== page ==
• 23. Table 3: Zero-order, abrupt, permanent transfer function ARIMA models Model a Intervention Standard Series p d q Coefficient Error T P AIC Target Neighborhood Violent Incidents 0 0 0 -1.36 0.903 -1.51 .12 249.2 Property Incidents 0 0 0 -2.50 0.926 -2.70 <.01 254.5 Narcotics Offenses b 0 0 0 -0.81 0.168 -4.80 <.01 80.1 b Drug Equipment Offenses 0 0 0 -0.46 0.173 -2.64 <.01 192.1 Calls for Service b 1 0 0 -0.20 0.120 -1.65 .09 23.4 Adjoining Area Violent Incidents 0 0 0 -1.19 0.894 -1.35 .17 247.7 Property Incidents b 1 0 0 -0.30 0.180 -1.68 .09 56.4 b Narcotics Offenses 1 0 0 -0.70 0.226 -3.12 <.01 93.9 Drug Equipment Offenses b 0 0 0 -0.52 0.210 -2.45 .01 126.8 Calls for Service b 0 0 0 -0.01 0.006 -1.96 .05 14.0 County Remainder Violent Incidents b 1 0 0 -0.02 0.084 -0.24 .81 71.5 Property Incidents b, c 1 0 0 -0.05 0.383 -0.15 .88 82.7 b Narcotics Offenses 1 0 0 0.05 0.042 1.29 .19 88.0 Drug Equipment Offenses b 1 0 0 -0.10 0.068 -1.52 .12 83.0 Calls for Service b, c 1 0 0 -0.01 0.030 -0.34 .73 130.1 a The general form of the ARIMA model is (p, d, q): where p is the autoregressive parameter, d is the order of differencing, and q is the moving average parameter. All trend components were statistically significant (p < .05). b Natural log transformation to adjust variance non-stationarity, seen in the augmented Dickey Fuller Unit Root test. c These dependent variables experienced statistically significant annual seasonal trends, which we estimated as (1, 0, 0) x (0, 1, 0)12 models, where all diagnostic assumptions were met. In McFerrin Park there was an abrupt decline of roughly 2.5 property offenses per month (-28.4 percent) following the DMI pulling levers initiative. Similarly, narcotics offenses went through a reduction of nearly 55.5 percent and drug equipment violations decreased by 36.8 percent. iii Finally, calls for service requesting officer assistance declined by 18.1 percent per month in the same area. Interestingly, violent offenses did not experience a statistically significant decline in any model examined. Thus, a vast majority of property incidents, drug offenses, and calls for police assistance experienced immediate and sustained decreases after the initiative was implemented in the target area. 20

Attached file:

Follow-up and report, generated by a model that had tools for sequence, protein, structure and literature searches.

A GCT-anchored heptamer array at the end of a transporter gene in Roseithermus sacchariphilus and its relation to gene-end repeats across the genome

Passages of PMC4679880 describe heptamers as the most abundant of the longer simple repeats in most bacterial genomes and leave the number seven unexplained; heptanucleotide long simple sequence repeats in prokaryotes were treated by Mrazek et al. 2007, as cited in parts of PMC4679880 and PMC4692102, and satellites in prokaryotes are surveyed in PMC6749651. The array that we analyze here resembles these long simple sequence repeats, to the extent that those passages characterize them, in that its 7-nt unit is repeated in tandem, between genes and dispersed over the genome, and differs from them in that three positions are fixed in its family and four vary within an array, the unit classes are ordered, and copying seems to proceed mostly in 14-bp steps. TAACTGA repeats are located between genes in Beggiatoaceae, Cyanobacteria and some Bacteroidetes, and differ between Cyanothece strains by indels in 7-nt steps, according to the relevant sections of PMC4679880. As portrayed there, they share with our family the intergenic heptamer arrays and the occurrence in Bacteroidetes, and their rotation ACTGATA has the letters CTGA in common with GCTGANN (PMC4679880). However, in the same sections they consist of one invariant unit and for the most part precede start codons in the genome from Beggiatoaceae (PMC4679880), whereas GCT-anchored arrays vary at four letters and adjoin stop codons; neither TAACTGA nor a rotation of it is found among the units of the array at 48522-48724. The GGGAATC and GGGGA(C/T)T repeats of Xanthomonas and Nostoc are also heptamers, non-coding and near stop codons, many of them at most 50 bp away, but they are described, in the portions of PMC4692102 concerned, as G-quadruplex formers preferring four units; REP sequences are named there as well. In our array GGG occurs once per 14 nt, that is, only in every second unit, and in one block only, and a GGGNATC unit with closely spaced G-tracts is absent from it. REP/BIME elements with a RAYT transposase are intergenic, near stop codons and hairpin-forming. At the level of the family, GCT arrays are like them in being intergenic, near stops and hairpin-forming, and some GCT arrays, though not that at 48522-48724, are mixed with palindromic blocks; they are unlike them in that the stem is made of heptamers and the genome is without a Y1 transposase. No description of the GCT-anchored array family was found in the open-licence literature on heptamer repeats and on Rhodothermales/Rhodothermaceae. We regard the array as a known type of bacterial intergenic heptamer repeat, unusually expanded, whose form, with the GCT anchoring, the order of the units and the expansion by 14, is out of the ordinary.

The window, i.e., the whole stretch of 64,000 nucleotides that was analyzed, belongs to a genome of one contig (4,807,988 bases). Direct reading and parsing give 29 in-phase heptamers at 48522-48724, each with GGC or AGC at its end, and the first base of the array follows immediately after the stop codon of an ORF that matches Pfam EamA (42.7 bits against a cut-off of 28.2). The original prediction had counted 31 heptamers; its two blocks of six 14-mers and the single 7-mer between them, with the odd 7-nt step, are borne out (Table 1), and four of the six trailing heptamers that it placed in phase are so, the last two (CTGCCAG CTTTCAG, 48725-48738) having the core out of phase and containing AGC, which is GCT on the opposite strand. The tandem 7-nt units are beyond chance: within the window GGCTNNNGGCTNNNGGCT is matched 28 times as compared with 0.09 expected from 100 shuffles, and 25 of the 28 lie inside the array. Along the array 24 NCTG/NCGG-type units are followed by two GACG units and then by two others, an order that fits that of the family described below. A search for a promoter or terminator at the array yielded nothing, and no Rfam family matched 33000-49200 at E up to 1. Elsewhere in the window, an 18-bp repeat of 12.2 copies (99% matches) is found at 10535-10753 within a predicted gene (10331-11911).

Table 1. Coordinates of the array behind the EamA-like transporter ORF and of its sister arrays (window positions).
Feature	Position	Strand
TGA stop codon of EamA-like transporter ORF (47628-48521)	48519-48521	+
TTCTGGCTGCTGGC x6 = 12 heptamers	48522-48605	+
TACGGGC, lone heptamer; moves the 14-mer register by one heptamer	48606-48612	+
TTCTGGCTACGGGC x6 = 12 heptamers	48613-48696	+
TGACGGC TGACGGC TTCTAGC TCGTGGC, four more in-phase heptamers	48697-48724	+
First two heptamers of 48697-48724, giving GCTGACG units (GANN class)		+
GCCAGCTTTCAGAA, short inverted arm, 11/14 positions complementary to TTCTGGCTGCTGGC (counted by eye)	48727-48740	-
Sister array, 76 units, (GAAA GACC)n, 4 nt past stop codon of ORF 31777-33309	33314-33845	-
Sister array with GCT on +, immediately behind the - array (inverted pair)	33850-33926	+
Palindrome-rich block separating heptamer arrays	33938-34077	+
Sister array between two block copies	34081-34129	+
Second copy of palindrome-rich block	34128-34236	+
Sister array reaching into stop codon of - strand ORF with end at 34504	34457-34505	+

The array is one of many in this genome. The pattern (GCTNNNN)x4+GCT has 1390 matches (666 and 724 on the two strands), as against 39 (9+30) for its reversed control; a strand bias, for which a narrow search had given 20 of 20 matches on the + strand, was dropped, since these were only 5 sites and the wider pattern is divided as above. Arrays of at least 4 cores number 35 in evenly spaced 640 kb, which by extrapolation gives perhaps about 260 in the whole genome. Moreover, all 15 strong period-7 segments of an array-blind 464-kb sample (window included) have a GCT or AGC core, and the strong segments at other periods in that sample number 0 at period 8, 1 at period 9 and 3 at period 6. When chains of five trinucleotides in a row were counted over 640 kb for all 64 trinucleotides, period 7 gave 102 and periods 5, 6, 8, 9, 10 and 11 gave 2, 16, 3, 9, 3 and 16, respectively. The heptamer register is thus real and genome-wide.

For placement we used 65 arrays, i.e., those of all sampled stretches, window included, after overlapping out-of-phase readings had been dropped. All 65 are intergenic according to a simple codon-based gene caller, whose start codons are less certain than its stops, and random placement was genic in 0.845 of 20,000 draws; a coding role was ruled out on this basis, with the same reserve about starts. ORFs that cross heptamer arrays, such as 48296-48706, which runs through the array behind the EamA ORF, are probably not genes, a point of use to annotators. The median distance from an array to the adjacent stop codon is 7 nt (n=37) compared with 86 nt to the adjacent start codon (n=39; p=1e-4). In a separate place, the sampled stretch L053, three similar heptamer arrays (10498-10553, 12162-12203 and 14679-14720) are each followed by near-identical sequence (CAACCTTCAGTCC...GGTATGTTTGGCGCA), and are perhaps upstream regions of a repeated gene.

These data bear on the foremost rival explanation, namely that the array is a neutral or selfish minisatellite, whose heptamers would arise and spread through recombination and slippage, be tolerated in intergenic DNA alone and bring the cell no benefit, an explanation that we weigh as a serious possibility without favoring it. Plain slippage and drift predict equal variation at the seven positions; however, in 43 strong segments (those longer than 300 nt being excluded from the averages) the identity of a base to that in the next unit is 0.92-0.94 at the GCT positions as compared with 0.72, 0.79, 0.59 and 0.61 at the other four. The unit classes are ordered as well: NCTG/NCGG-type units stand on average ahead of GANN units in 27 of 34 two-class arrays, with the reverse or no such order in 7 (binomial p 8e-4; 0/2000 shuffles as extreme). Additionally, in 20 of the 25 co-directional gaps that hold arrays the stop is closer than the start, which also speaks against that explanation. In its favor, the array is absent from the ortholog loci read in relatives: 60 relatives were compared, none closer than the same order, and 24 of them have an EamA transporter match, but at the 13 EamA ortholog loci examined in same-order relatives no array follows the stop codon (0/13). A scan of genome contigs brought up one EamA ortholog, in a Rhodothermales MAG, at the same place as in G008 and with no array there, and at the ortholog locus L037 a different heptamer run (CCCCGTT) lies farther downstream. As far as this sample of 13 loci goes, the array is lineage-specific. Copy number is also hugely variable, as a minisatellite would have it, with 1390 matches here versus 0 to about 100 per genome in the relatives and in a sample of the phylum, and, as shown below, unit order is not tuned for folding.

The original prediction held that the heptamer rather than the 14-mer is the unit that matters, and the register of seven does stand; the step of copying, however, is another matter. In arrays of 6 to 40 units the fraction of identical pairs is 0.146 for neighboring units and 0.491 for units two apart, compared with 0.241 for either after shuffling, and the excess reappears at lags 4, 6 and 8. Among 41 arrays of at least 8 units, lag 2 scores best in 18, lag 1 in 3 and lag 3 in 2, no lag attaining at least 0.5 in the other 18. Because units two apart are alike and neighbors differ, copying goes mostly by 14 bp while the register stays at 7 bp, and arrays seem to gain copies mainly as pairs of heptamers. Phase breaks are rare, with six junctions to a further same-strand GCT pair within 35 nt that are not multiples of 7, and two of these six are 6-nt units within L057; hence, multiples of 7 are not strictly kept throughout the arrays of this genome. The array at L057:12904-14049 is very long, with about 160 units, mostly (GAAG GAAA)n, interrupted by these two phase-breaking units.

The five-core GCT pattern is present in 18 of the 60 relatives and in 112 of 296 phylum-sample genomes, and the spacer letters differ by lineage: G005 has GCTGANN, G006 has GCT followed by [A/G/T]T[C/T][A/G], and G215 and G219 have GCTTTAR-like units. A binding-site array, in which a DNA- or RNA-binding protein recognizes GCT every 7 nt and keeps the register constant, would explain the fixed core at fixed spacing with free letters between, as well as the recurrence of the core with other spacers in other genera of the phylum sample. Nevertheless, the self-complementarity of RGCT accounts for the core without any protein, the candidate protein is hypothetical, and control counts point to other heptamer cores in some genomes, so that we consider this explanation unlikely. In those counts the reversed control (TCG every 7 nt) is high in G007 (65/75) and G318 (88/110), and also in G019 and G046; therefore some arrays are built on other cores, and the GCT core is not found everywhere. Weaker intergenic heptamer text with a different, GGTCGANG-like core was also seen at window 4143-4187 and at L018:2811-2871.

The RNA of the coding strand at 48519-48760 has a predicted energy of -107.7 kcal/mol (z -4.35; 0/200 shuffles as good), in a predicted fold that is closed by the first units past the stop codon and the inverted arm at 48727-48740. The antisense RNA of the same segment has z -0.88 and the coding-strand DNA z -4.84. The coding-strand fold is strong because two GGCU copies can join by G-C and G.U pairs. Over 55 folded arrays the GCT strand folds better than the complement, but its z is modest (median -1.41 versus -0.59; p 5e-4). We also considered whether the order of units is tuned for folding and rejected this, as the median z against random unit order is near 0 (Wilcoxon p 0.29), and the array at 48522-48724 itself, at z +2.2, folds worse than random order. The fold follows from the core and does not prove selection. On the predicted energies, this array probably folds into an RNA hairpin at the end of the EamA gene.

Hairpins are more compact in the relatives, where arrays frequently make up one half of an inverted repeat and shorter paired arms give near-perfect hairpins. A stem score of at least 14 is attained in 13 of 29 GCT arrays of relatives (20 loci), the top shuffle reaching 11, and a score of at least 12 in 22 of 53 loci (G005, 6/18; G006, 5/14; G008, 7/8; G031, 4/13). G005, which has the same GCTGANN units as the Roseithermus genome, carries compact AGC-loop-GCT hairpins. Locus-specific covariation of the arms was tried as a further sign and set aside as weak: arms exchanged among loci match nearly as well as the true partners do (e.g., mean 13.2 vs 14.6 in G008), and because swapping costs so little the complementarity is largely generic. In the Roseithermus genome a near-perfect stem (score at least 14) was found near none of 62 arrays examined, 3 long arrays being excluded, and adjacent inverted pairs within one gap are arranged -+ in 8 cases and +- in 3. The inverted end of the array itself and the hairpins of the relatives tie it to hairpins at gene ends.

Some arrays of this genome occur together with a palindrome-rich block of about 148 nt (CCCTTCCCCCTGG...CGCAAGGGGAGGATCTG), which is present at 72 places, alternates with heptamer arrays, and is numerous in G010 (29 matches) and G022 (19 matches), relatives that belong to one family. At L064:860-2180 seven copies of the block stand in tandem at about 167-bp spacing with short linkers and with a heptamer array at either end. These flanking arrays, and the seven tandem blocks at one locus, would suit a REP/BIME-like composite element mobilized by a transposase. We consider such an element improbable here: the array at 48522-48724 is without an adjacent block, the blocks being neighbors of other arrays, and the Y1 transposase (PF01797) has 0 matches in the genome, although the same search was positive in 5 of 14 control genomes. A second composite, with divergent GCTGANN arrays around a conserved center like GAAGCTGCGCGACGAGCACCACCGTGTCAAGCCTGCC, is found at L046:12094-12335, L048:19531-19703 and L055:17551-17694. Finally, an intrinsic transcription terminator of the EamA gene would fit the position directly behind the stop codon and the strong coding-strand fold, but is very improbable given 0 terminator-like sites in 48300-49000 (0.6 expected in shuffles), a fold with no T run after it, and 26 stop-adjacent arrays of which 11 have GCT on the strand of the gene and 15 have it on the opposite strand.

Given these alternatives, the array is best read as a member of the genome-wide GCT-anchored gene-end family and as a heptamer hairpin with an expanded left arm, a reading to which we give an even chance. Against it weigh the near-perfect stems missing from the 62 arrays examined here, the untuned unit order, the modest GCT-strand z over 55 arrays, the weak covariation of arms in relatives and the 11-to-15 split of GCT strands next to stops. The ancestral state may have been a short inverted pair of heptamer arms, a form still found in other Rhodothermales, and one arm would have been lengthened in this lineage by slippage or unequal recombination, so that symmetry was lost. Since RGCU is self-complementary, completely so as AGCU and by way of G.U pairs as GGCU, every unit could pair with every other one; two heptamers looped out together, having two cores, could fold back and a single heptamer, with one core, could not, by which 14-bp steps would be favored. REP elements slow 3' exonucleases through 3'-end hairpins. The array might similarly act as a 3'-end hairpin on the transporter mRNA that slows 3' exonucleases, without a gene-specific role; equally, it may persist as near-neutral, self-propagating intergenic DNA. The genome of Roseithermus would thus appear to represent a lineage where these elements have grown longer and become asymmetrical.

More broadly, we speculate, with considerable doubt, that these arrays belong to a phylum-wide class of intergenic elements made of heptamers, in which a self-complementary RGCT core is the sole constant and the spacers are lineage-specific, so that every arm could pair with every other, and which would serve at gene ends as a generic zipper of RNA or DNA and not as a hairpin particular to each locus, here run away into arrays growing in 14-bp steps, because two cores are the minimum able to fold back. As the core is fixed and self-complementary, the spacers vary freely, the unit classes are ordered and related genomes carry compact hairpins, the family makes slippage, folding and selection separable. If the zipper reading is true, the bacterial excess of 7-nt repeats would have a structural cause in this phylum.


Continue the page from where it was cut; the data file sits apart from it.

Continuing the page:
• 24. In the adjoining area, property offenses experienced a statistically significant decline of 25.9 percent, while narcotics incidents reduced by 50.3 percent. Drug equipment offenses also experienced a significant decrease of 22.2 percent after the intervention. Calls for service in this area also experienced a statistically significant decline, but the estimated change was relatively small at roughly 1 percent. Finally, similar to the effect seen in the target area, violent offenses in the adjoining area also experienced a reduction but not to the level of statistical significance. In sum, these results suggest that there was not an immediate displacement of drug-related offending to the adjacent neighborhoods. Comparatively, the remainder of Davidson County also experienced a reduction in many of the same offenses, except for an increase in narcotics offenses, but these declines did not approach statistical significance in any model examined. The decrease in crime and calls for service in the target and adjacent areas was well beyond that experienced in the remainder of the Nashville area, both in terms of magnitude and statistical significance. Thus, there is no evidence there was a general trend in crime in Nashville that would account for the immediate, sustained, and significant reduction in crime and calls for service that was experienced in the target and adjacent communities. Discussion The results from this evaluation indicate that criminal offenses, drug offenses, and calls for police service in the McFerrin Park and adjoining neighborhoods experienced a statistically significant and substantive decline following the March 2008 DMI pulling levers strategy. Controlling for seasonal effects, we found that property offenses declined in McFerrin Park by roughly 2.5 total offenses per month after the Nashville DMI campaign was implemented. 21